- The Washington Times - Sunday, November 20, 2005

Activist ideas

“‘I’d like to burn you at the stake,’ growled Betty Friedan at Phyllis Schlafly during a public debate over the Equal Rights Amendment (ERA) at Illinois State University in 1973. Friedan and other feminists were unnerved by Schlafly. She was as sophisticated and accomplished as they were, but profoundly antifeminist. They tried everything to pass ERA and defeat Schlafly, from bribing state legislators to using witchcraft, but to no avail. …

“[C]onservative intellectuals did not simply plant the seed from which the grassroots grew, as the story usually goes, but watched the grassroots sprout up simultaneously and independently.

“The intellectuals and activists then came together. Schlafly was a central figure in uniting these two indispensable components of the movement. By writing, speaking, and organizing seminars, she brought ideas to the activists.”

— Bracy Bersnak, writing on “The Book on Phyllis Schlafly,” Nov. 17 in the American Spectator online at www.spectator.org

Not so strange

“The UFO cultural moment in America is long since over, having gone out with the Clintons and grunge rock in the ‘90s. Ironically, the force that killed the UFO fad is the same force that catapulted it to super-stardom: the Internet. …

“In the days when USENET was something other than a spam swap, UFO geeks hit ‘send’ to exchange myths, sightings, speculations, secret documents, lies, truths, and even occasionally facts about those strange lights in the sky. …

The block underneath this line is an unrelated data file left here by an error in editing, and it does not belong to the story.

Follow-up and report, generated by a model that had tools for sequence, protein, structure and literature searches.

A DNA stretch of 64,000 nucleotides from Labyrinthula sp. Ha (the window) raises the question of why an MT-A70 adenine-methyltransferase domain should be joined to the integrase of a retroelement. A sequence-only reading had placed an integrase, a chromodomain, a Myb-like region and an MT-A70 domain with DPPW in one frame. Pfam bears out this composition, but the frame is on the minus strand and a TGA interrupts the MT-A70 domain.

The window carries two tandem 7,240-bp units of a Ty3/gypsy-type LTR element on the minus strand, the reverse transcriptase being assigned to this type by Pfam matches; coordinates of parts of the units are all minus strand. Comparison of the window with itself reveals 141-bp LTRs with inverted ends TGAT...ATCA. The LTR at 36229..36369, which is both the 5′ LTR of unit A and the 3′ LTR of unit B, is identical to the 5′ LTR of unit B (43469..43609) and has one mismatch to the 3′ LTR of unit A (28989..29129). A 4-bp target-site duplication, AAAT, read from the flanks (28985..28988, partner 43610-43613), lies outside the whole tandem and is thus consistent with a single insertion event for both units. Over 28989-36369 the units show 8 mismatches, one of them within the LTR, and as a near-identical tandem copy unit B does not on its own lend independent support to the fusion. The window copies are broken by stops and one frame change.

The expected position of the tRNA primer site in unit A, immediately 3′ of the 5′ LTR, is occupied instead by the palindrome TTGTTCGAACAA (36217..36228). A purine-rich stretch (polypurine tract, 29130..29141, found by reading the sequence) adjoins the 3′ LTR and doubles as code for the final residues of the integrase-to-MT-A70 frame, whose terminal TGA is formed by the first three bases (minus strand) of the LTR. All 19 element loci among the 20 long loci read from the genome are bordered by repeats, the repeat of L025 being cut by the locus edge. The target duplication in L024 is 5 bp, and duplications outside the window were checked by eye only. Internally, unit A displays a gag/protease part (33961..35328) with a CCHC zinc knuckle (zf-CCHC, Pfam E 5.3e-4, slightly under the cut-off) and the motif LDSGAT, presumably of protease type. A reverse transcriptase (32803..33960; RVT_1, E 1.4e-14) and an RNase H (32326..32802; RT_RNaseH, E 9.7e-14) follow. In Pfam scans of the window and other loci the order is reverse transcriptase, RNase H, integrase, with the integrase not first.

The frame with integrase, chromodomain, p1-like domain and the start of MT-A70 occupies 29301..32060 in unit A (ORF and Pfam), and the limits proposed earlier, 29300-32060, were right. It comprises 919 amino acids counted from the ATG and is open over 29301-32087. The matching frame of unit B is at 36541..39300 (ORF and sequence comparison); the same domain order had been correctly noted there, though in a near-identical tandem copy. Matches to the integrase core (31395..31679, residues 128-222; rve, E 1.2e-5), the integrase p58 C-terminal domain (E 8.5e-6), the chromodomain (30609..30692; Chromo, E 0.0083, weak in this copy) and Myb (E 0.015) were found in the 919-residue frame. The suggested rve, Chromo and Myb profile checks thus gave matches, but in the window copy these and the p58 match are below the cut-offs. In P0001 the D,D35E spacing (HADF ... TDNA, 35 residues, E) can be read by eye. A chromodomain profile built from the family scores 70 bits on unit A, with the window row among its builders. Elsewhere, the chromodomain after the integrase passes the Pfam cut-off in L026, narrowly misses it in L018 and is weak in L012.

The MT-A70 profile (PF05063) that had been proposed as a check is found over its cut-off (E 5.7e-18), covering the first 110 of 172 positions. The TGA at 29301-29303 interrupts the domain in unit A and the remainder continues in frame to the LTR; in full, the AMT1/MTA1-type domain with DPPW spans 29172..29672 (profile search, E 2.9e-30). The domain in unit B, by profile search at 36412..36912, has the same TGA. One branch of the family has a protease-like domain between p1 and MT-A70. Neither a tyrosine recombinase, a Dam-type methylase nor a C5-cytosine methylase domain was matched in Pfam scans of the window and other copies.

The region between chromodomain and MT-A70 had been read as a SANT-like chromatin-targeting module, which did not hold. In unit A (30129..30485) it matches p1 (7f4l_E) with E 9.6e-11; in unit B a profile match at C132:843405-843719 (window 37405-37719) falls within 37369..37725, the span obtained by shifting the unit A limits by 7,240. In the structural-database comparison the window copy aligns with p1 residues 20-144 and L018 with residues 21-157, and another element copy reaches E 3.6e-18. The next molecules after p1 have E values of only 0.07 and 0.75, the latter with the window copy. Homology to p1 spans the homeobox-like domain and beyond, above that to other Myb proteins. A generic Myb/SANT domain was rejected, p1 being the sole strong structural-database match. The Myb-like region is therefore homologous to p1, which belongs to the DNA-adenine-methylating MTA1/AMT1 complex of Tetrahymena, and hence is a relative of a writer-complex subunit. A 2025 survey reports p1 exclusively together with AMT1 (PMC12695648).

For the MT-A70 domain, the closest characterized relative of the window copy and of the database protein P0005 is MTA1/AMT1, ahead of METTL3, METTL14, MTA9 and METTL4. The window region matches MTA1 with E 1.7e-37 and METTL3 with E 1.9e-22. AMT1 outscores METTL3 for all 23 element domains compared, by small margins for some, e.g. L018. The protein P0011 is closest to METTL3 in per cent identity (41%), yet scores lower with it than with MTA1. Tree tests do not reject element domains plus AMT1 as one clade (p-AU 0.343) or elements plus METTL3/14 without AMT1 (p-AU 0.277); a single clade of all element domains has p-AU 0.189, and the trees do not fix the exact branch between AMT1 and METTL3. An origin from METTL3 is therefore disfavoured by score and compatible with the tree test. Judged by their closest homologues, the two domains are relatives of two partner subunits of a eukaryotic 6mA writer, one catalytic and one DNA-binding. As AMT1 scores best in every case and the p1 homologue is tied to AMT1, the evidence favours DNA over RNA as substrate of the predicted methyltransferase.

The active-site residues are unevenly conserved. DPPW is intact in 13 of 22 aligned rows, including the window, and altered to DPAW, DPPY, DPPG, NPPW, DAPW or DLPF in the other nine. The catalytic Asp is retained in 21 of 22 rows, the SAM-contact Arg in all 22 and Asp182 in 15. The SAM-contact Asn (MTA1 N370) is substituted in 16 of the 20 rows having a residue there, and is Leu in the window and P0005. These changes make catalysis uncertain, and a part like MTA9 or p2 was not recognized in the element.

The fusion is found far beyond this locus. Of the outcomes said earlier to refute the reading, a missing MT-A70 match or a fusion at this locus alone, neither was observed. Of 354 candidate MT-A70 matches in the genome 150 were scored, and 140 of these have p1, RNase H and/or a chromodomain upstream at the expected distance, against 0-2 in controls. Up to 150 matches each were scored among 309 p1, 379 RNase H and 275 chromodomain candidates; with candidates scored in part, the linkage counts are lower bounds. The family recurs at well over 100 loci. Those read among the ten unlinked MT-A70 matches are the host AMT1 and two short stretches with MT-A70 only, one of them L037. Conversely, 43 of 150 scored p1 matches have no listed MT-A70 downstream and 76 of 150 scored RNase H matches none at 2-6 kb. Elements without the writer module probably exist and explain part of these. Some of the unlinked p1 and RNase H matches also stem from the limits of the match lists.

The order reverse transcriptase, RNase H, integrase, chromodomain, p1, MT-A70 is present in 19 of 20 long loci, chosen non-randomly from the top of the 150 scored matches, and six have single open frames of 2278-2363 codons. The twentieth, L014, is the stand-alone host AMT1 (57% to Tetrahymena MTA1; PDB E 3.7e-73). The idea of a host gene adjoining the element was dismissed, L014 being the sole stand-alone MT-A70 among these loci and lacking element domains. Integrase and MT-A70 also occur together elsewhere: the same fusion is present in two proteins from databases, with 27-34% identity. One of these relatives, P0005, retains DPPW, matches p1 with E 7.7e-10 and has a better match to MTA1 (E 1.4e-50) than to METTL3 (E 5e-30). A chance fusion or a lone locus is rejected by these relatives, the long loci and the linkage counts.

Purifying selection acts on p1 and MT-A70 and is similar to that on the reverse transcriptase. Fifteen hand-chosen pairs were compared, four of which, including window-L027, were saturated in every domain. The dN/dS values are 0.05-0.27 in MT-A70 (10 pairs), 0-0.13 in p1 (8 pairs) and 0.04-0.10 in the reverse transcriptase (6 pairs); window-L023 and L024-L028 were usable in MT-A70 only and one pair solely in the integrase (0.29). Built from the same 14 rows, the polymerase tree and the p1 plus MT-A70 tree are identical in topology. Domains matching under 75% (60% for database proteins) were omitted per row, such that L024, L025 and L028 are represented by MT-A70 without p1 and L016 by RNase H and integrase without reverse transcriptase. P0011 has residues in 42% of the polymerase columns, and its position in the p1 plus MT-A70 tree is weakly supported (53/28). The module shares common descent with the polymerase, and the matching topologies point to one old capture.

Yet in recent years, interest in the UFO phenomenon has withered. …

“The Internet showed this particular emperor to be lacking in clothes. If UFOs and alien visitations were genuine, tangible, objective realities, the Internet would be an unstoppable force for detecting them. … How could marauding alien kidnappers remain hidden in a nation with millions of webcams?

“Just as our technology for finding and understanding UFOs improved dramatically, the manifestations of UFOs dwindled away. … For an allegedly real phenomenon, UFOs sure do a good job of acting like the imaginary friend of the true believers. How strange, that they should disappear just as we develop the ability to see them clearly. Or perhaps it isn’t so strange.”

— Douglas Kern, writing on “Internet Killed the Alien Star,” Nov. 9 in Tech Central Station at www.techcentralstation.com

Art of rioting

“iolence, and particularly violence as an expression of rebellion, occupies such a distinct place in the French aesthetic that this month’s riots can hardly be called anything but, well, French. In France, violence is not merely romanticized … it is intellectualized as a legitimate manifestation of philosophical belief. This is linked strongly, of course, to the revolution and to the guillotine, one of the most macabre symbols of freedom ever conceived. … In the 20th century, it was Jean-Paul Sartre who made the tradition modern. Violence, he wrote, is ‘the beginning of humanity.’ He does not seem to have mentioned what the end is.

“Those rioting these past weeks did not seem to know what the end was, either, but their actions were new iterations of an old tradition. ‘La poesie est dans la rue.’ … Sartre asserted the connection plainly: ‘iolence … is man recreating himself.’ But violence itself is not the creation of anything; it is merely the undoing of the old. It is not art; it is desecration.”

— Keelin McDonell, writing on “A History of Violence,” in the Nov. 28 issue of the New Republic

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